Once upon a time, a t-shirt was sold. Along the way of that sale, there are some people behind the scenes who wanted to say thank you.
The T-shirt’s Birth
Hank, a Dooly County Georgia cotton farmer, tended the land and grew the upland cotton crop. It was harvested a year ago, and the cotton tonnage was sold, ginned, to be knitted into yarn and fabric. When cotton prices are higher, Hank will plant that crop. When the forecast for cotton looks a little dimmer, he will usually plant peanuts. As he makes more money for the cotton crop, he appreciates the sale of that t-shirt.
Tony works at the Cochran cotton gin in Georgia. The gin mill runs 24-hours a day, and Tony works as a forklift operator on the second shift. The gin separates the cotton fibers from the cottonseed and other particles. The cotton fibers will be used for fabric, and the cottonseed will be processed into cattle feed or oil. Tony doesn’t think much about where the cotton will end up, but he appreciates the sale of the t-shirt as that supports his industry.
Paloma was one of the thousands of workers that turned that cotton fabric into a blank t-shirt in Cortes, Honduras. Upon arrival, the greige fabric has to be dyed, cut, sewn, sorted, packaged and made ready for shipment. She has been working at the apparel manufacturer for just over three years now. She works in the sewing assembly area and specializes in sewing t-shirt sleeves. Paloma often wonders who ends up buying the t-shirts that she helps make every day and always appreciates the sale.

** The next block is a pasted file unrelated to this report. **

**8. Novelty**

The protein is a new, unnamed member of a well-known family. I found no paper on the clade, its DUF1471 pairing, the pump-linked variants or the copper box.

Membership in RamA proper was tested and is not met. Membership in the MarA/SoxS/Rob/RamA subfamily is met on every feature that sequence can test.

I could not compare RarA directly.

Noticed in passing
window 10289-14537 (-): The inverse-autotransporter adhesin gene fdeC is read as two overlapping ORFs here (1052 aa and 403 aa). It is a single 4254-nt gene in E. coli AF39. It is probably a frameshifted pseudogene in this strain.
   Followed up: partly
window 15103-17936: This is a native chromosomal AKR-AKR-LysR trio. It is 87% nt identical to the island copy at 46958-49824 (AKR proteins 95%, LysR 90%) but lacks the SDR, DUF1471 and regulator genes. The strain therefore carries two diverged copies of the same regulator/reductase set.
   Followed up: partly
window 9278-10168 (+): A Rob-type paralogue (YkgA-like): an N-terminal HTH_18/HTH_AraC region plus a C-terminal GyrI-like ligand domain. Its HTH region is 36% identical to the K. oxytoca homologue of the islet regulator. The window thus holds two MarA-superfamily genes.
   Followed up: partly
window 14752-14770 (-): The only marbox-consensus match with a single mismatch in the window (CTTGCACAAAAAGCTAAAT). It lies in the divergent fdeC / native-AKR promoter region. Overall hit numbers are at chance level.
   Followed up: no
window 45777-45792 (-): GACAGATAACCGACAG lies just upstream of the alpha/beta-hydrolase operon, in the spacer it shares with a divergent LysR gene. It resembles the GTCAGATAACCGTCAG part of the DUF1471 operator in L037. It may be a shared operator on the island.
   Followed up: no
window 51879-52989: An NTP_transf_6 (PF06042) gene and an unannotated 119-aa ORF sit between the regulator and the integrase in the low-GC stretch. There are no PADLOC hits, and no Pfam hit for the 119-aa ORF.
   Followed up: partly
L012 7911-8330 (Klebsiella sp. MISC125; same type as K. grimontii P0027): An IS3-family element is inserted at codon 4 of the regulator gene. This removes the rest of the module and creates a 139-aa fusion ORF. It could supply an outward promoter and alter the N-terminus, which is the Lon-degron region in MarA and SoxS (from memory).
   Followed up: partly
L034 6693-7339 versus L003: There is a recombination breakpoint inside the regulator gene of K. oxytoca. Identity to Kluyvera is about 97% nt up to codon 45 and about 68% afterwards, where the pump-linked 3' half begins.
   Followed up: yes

The T-shirt’s Journey
Francisco works on a container ship that transports goods from one port to another. That t-shirt that was just sold was once part of the cargo on his ship. It left Puerto Cortes, Honduras, and was unloaded as part of a container that was packed floor to ceiling with t-shirts. The ship was unloaded in Miami, Florida. Francisco works in the galley of the ship and helps prepare the meals for the twenty-three-person crew. He likes his life aboard the vessel, primarily because it got him out of the dangerous circumstances of where he grew up in El Salvador. He never thinks about what is in the containers, but always appreciates that the ship is working.
Jerry loves his job unloading container ships in the South Florida Container Terminal in Miami, Florida. Perched in the cab of the crane high above the port, he specializes in hoisting the containers off of the ships and placing them gently down on tractor trailer rigs. It is a monotonous, but fun job and Jerry thinks it has a game-like quality to it. Jerry is feeling the pinch currently due to the COVID-related shipping challenges but is appreciating the overtime. Jerry is a funny guy, and while he might not overtly thank you for the sale of that t-shirt, he would take you fishing.
Mary has been driving big rigs for a few years now and loves the independence it brings. She thinks that she and her companion dog Buster have listened to more Audible books than any human alive. Unlike Jerry and Francisco, Mary knows what is in the container as she has the bill of lading that describes the load. She likes this pick-up as it is an easy drive for her from Miami to McDonough, Georgia where the apparel distribution center is located. A little southeast of Atlanta, she can make the trip in about ten hours. Mary appreciates that t-shirt sale, as it keeps her and Buster on the road.